Forest mapping is at the heart of what we do at Geografiska informationsbyrån. As forest comprise vast areas it is as made for remote sensing and EO. Forest information can be produced for a wide range of costumers with different information needs. It might be an investor who wants to learn more about the background of the company and the natural assets it possess, a NGO investigating the exploitation of natural resources in a far off region or a company that wants to follow up harvests or other forestry practices within it’s own holdings.
In som geographic regions the optical sensors on Sentinel 2 and related satellites mostly detect the light reflected by clouds. In those regions Sentinel 1 is an interesting alternative with active radar, penetrating clouds and revealing the situation on the ground . Palm oil plantations in Indonesia can for example be monitored in an efficient way with Sentinel 1. Giving good opportunities to display if the pal oil produced comes from a sustainable source or from areas with past or ongoing deforestation.
For detection of forest damage a combination of optic and radar satellite data is useful. With optic data changes in greenness and leaf area can be detected and small changes in both health and caused by management can thus be monitored. Radar data can be used to detect and estimate the effects of wind throws even if the sky continues to be cloudy as often during winter and autumn.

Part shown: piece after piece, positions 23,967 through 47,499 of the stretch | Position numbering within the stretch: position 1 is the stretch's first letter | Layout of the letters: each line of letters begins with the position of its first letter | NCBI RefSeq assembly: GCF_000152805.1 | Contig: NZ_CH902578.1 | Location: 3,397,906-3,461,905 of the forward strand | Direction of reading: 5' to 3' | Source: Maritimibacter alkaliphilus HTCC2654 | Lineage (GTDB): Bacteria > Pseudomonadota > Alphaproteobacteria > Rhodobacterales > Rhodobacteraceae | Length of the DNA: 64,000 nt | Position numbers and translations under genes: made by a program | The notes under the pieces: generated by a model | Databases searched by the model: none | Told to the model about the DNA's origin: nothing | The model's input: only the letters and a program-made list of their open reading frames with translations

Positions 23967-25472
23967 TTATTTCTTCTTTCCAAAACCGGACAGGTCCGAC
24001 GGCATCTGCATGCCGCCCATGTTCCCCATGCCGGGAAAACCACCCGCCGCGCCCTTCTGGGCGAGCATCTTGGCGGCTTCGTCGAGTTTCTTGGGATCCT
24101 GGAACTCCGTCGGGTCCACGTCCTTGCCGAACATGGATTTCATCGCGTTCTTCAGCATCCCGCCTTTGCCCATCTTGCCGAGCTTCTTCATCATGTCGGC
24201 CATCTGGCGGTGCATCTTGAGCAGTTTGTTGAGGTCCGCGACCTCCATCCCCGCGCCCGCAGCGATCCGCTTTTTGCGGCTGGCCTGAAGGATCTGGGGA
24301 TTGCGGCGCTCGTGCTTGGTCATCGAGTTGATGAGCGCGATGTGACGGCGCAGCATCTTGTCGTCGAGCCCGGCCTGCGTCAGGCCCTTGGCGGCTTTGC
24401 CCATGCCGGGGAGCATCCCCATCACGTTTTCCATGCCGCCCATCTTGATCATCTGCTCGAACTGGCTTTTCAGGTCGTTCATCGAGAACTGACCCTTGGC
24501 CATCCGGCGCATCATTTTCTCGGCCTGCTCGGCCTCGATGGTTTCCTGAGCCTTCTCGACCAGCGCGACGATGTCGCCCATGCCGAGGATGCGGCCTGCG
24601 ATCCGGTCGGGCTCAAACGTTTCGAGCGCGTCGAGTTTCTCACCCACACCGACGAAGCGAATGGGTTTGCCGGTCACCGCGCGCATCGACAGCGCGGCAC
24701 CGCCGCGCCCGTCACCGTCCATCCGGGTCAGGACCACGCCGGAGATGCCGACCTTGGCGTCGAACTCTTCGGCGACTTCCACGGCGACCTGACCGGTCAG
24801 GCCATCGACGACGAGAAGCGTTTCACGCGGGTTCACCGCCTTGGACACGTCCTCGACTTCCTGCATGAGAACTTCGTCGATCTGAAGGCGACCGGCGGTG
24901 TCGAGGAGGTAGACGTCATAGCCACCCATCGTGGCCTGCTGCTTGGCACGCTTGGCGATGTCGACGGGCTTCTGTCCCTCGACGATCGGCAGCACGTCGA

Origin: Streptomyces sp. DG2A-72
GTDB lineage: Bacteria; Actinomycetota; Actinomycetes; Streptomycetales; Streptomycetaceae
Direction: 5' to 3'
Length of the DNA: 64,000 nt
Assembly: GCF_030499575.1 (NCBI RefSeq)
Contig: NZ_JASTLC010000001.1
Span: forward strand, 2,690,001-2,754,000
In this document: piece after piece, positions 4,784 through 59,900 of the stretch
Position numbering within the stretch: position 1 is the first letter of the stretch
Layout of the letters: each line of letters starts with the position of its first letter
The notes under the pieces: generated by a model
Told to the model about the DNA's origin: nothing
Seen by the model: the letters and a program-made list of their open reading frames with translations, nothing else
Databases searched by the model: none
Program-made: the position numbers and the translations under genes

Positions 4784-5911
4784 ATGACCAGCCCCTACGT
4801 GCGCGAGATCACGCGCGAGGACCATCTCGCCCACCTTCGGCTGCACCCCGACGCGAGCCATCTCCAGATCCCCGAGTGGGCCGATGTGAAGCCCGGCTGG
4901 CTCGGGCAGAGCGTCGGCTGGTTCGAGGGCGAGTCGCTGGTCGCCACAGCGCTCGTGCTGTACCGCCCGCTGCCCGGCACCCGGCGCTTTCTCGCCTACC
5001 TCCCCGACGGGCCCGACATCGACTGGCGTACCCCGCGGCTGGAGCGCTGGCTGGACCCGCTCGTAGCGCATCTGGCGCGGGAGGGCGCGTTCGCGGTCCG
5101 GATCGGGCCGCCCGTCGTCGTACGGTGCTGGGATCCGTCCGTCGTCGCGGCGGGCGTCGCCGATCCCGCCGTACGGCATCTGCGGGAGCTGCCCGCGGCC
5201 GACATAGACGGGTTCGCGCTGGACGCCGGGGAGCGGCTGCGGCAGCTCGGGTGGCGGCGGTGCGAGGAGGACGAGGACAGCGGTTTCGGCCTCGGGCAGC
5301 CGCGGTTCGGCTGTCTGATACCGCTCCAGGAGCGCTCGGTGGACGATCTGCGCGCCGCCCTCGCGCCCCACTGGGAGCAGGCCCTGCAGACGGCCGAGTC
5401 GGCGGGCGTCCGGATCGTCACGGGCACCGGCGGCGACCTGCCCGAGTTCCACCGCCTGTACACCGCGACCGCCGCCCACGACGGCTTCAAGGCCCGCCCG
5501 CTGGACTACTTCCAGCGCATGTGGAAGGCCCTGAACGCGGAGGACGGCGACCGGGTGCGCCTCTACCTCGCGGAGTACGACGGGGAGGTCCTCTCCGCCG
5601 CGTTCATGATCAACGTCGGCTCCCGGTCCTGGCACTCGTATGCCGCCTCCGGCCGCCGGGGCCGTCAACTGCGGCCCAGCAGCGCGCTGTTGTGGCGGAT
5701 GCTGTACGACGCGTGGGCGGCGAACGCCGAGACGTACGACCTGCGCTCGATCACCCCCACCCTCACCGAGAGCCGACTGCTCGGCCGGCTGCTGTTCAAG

Clearings of different sizes displayed with a plant phenology index at a test site in mid Sweden.
With very high resolution imagery the status of individual trees can be monitored and single tress detected an mapped. This is of interest for both forestry and park management. In combination with lidar data more information can be extracted and presented as texture and height are important information distinguishing between trees, shrubs and other vegetation.
Trees mapped in the southern Swedish city Jönköping, displaying the analytical strength in the combination of EO and lidar data.